EcoSummit focuses on coping with Sarasota’s growth
For tickets to the EcoSummit, Green Living Expo and Ever-GREEN Days, visit this link
The December event aims to open conversations about balancing nature and development.
As state and local governments continue to expand to accommodate growing populations, a local non-profit believes they also bear a responsibility to invest in natural resources.
“If we continue to grow our built environment, we need to grow the natural environment, treating it as if it’s an essential utility,” said David Shafer. “You add roads; add more beaches, more parks. If you add more sidewalks and hard surfaces, you need to add more stormwater treatment, and not just the kind stored in a concrete vault, a living system that can do those actions so much better.”
Shafer and his wife, Jennifer Shafer, are co-executive directors of the Science and Environment Council, a non-profit that aims to bring together stakeholders and key members of the community to develop plans to address environmental concerns. They have been married for 23 years, lived in Sarasota for 14 years after moving from Hawaii, where they both received their Ph.Ds at the University of Hawaii.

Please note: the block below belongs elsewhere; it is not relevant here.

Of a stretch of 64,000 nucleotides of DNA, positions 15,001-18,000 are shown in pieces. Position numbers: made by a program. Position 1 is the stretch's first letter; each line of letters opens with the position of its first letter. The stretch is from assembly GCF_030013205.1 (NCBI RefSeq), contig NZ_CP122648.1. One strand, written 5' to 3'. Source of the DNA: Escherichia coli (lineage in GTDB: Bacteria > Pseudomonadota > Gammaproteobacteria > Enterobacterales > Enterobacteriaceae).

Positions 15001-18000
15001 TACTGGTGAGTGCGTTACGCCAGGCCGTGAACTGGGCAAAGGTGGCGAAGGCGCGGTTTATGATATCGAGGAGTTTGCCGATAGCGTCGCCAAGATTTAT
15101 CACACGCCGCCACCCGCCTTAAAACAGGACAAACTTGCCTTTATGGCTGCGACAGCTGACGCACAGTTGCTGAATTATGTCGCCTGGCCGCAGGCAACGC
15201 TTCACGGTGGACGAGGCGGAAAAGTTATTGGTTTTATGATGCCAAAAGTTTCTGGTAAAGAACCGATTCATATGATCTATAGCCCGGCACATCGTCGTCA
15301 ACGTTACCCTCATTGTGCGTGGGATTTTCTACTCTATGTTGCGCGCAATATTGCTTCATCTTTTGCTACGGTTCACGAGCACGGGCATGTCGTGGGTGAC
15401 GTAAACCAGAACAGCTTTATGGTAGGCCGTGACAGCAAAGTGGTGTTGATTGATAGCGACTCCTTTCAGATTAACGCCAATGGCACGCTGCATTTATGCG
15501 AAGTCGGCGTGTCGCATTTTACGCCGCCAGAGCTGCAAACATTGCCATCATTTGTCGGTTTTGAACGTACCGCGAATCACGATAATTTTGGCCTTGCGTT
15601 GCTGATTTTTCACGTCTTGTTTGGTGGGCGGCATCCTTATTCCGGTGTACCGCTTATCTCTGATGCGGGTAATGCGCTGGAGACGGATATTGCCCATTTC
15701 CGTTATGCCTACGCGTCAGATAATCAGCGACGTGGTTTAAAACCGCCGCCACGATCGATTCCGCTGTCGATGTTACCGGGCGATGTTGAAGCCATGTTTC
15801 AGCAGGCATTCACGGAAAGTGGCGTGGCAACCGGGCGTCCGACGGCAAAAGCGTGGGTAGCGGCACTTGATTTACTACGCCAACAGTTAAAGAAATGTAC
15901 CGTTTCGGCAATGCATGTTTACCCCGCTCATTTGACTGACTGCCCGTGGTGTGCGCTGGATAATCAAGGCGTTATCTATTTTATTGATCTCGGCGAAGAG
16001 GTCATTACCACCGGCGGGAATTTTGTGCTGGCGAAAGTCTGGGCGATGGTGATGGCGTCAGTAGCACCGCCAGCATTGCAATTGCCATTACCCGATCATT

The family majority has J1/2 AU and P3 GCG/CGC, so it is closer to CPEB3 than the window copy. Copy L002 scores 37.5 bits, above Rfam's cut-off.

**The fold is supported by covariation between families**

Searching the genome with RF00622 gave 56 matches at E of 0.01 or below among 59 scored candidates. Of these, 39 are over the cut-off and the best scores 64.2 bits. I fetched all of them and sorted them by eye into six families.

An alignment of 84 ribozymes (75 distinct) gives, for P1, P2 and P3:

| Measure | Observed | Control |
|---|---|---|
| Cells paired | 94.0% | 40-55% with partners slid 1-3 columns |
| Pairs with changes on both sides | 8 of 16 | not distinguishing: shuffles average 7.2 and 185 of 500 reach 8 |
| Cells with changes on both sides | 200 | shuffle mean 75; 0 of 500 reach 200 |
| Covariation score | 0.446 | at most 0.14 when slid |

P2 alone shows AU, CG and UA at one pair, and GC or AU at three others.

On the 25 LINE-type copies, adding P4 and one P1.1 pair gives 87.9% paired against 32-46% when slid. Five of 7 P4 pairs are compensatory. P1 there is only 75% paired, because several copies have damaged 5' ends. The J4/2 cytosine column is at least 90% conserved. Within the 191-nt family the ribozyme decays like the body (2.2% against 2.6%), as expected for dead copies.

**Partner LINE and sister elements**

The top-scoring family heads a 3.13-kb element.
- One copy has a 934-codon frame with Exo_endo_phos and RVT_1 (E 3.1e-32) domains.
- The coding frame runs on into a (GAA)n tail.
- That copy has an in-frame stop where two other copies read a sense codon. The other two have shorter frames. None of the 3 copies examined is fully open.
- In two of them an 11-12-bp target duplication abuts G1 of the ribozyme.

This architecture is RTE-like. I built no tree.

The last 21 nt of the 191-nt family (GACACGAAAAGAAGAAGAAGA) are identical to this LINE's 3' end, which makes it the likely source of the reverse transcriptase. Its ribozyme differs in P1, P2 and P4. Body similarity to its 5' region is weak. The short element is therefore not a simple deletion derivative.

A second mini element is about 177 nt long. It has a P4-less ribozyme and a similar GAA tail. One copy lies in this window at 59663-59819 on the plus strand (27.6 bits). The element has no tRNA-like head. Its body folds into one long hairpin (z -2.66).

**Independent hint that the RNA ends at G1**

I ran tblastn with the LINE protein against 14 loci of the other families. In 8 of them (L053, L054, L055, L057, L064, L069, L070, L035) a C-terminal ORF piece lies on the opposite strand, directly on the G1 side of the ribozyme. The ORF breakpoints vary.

The Science and Environment Council will host the EcoSummit on Dec. 5-6 at the Van Wezel Performing Arts Hall, an event designed to open conversation surrounding solutions for the balance of nature and human growth.
The Sarasota-Manatee area is the second fastest growing area in the country, according to US Real Estate News. According to the Shafers, growth is stressing “ecosystem services,” such as clean air, clean water, fish and wildlife, recreational water.
“The main theme of this summit is needing to (discuss) the impacts of population growth, development and climate increase,’’ Jennifer Shafer said. “We need to increase the capacity of the environment to accommodate or mitigate those impacts, in order to maintain the quality of life that we have now.”
A key goal of the summit is also to re-establish Sarasota as a leader in environmental solutions, and reconnect the community after the COVID-19 pandemic.